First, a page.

Fat oxidation and Blackcurrant extract

Full Disclosure: ‘I have partnered with CurraNZ (www.curranz.co.nz), the blackcurrant health & fitness supplement company to do a series of blog posts on the science behind the benefits of NZ blackcurrants. This content is sponsored to the extent that CurraNZ has paid for my time to review the research, the copy/opinions here are my own.’

Our metabolic and physiological health depends on our ability to oxidise fuel for energy, and while we use amino acids and lactate as fuel under specific conditions, this predominantly refers to the use of carbohydrate or fat. Humans are born metabolically flexible and easily able to burn both fat and carbohydrate as fuel. In an ideal situation, people readily burn fat as fuel at low intensities (of which most people have an unlimited supply) and save the limited stores of carbohydrate to be used as exercise intensity ramps up.

The fuel used when training and competing is influenced both by training status (the fitter the athlete, the easier it is to use fat as a fuel source) and our food environment (i.e., the food eaten). In the modern food environment particularly, we can see a preference towards burning carbohydrate over fat even at rest due to the higher carbohydrate load of the diet. As carbohydrate is a limited fuel source, and metabolising it creates more oxidative stress, free radical production, and inflammation, this isn’t an ideal scenario for both metabolic health or training and sports performance. The enzymes that are required to oxidise fat can be downregulated over time, reducing the ability to use fat as a fuel source and spare glycogen (stored carbohydrate). As athletes we want to be able to use both fat and carbohydrate, to help fuel over short and long-distance events, and minimise excess free radical production, thus not only improve performance, but reduce inflammation and recovery time.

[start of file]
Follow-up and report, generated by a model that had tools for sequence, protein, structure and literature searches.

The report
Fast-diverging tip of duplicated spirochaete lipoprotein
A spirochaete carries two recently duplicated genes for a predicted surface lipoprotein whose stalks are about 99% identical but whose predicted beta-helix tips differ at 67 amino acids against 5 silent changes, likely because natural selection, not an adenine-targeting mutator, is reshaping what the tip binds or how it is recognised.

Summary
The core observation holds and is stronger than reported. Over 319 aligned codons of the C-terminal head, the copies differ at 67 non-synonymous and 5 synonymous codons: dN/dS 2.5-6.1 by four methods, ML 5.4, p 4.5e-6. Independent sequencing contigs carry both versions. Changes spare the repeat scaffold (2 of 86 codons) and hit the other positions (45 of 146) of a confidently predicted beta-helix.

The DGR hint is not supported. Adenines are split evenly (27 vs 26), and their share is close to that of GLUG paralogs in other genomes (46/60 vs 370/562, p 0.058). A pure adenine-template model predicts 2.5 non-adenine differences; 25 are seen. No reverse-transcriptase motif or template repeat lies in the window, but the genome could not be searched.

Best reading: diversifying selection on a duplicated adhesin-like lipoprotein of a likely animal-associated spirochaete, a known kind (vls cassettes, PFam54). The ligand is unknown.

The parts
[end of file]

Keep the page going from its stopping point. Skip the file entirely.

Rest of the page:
Blackcurrant extract has been studied for its potential to enhance fat oxidation in the performance setting in both trained females and males. An average improvement in ability to burn fat by over 25% has been found in endurance-trained females in a 2h steady state cycling test (at 65% VO2 max) when they took the New Zealand blackcurrant supplement over a 7 day period. This is notable given that the ceiling at which improvements can be made in a trained individual (with already good fat-oxidation abilities) is generally smaller than that of an untrained individual. Variable doses were trialled, and 2 capsules (equivalent to 600mg extract) per day was found to provide the best cost-benefit ratio.

Further, men and women who took 600mg of the blackcurrant supplement each day for 7 days increased their fat burning capacity by an average of 30% in 60 minutes of steady state running at temperatures of 34 degrees Celsius compared to a placebo condition. This suggests that the supplement may spare glycogen to some extent, which is often burned at a higher rate in more ambient temperatures. While this was not found to be the case in hypoxic conditions (the environment overrode the effect of the supplement), when taken in conjunction with a standard carbohydrate gel over a 120 min treadmill test, the supplement was able to increase fat oxidation by close to 25% and spare glycogen use by 11% in a case study analysis. While more research is warranted, these are encouraging results for any athlete looking for a competitive edge.

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